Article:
I would stop waiting at this point. The alignment is probably as good as it’s ever going to get with the hardware we have. Some people believe there are mysterious software updates that make the alignment better or worse at random times, but I see no evidence to support that. I think it’s just coincidence. The tolerances of the lid fitment alone make it seem pretty unlikely unless we had the ability to run a recalibration on our own machines once they’ve settled into place.
Regardless of what the future brings, you should make your peace with the Glowforge as it currently operates. The company says anything up to 0.25 inches is acceptable. If your machine is significantly worse than that, they might replace it for you. Otherwise, find a way to work around the visual alignment system by making jigs or running low power test marks or whatever you have to do. If you get your hopes up thinking every day that maybe tomorrow it will work like the ones in the commercials, you’re just adding stress to your life. If it does magically start working as advertised some day, that’s just a bonus.
So, what you are saying is, in my opinion, “make peace with getting screwed” because the banner feature which distinguishes this device (we waited two years for) from something 1/4 the price doesn’t work and never will.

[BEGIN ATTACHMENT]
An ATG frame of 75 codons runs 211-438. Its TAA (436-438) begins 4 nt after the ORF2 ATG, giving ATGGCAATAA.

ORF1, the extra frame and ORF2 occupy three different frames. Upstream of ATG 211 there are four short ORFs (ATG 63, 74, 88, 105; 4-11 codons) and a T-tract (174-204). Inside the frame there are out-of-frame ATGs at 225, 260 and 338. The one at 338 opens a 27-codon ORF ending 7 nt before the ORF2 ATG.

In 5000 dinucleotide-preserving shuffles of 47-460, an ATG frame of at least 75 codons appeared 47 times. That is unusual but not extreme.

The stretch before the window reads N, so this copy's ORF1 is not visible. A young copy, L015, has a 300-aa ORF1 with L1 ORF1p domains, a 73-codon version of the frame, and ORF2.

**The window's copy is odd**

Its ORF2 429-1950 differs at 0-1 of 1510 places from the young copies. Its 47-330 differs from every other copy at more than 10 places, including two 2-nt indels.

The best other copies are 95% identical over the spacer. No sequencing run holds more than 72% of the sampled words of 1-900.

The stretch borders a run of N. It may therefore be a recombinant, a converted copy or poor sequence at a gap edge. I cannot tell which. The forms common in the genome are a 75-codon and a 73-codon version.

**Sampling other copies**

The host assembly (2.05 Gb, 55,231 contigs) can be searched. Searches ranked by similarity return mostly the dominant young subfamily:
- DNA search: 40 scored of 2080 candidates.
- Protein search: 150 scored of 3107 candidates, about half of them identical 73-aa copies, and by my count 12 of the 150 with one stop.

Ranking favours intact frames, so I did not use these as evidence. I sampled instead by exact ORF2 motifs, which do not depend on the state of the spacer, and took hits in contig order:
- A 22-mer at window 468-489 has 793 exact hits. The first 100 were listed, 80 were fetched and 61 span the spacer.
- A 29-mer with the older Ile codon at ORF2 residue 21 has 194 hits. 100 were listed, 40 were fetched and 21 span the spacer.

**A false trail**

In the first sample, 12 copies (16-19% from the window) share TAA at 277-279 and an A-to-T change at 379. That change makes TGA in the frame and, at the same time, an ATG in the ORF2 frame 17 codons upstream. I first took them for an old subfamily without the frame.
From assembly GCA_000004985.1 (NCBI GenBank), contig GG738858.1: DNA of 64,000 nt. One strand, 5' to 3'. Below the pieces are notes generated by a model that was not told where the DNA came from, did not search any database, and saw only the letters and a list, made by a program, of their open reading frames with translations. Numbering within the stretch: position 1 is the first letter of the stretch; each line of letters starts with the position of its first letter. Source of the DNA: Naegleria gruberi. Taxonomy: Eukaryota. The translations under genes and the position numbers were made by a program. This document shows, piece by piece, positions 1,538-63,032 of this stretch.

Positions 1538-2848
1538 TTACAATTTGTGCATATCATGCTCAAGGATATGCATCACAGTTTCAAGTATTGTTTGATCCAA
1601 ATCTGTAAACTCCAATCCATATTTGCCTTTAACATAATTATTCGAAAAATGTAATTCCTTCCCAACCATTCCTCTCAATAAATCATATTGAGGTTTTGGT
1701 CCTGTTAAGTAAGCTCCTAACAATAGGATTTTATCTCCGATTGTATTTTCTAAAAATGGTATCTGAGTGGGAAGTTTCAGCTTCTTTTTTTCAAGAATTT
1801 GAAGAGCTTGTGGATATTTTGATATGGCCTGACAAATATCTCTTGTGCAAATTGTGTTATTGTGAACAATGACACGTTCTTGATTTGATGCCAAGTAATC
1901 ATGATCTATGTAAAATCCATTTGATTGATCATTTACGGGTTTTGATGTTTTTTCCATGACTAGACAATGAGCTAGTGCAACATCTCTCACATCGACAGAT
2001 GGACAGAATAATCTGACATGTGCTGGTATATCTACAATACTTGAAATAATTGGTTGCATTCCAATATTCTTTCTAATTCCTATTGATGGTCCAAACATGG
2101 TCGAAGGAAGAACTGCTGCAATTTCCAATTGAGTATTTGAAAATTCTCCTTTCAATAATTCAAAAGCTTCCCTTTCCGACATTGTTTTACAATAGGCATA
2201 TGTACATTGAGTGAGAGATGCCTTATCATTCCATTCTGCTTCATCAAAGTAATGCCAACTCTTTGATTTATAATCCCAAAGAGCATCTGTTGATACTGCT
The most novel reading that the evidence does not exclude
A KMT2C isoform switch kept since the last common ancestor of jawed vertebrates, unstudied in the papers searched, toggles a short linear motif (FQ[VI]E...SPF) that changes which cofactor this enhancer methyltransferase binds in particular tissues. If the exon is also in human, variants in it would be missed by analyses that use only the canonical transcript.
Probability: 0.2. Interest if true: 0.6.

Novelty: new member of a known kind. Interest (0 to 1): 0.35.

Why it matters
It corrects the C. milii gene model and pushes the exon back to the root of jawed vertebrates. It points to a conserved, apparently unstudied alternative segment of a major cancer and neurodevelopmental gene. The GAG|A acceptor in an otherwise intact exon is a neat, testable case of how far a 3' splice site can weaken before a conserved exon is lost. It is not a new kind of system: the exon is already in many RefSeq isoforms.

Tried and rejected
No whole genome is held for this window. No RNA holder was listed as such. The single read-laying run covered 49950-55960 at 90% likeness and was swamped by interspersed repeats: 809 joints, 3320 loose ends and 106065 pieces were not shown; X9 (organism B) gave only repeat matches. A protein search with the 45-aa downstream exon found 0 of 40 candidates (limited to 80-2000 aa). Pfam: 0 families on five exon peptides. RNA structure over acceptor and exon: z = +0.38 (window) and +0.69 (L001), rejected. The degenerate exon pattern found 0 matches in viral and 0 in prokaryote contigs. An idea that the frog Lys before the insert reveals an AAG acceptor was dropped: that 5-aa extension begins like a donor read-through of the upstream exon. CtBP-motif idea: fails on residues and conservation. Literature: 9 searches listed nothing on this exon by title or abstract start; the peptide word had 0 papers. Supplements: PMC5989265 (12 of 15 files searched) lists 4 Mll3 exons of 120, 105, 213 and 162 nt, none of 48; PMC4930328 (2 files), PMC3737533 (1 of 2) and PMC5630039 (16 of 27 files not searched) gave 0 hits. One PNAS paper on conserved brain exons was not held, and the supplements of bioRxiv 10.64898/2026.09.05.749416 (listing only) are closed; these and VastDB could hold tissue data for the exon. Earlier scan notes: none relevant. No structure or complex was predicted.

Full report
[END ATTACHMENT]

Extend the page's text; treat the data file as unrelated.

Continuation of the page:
Which I interpret as either “stay silent while other people are also mislead” or “suck it up as other people get something you were promised and didn’t get”
I realize you are saying “just try to be happy” and I respect that opinion, but I disagree. I think we need to hold Glowforge to the standards they say they hold themselves. If we don’t advocate for ourselves and future customers, who will?
This is exactly what I think should happen. It just doesn’t seem to be too hard of an engineering challenge, if each of us was given a calibration object of precise thickness – maybe multiple of varying thickness – with a precise known pattern printed on it. The GF software could use the picture of the object(s) to reverse the fish eye and perfect the alignment. I don’t understand why there isn’t a calibration grid printed on he floor under the crumb tray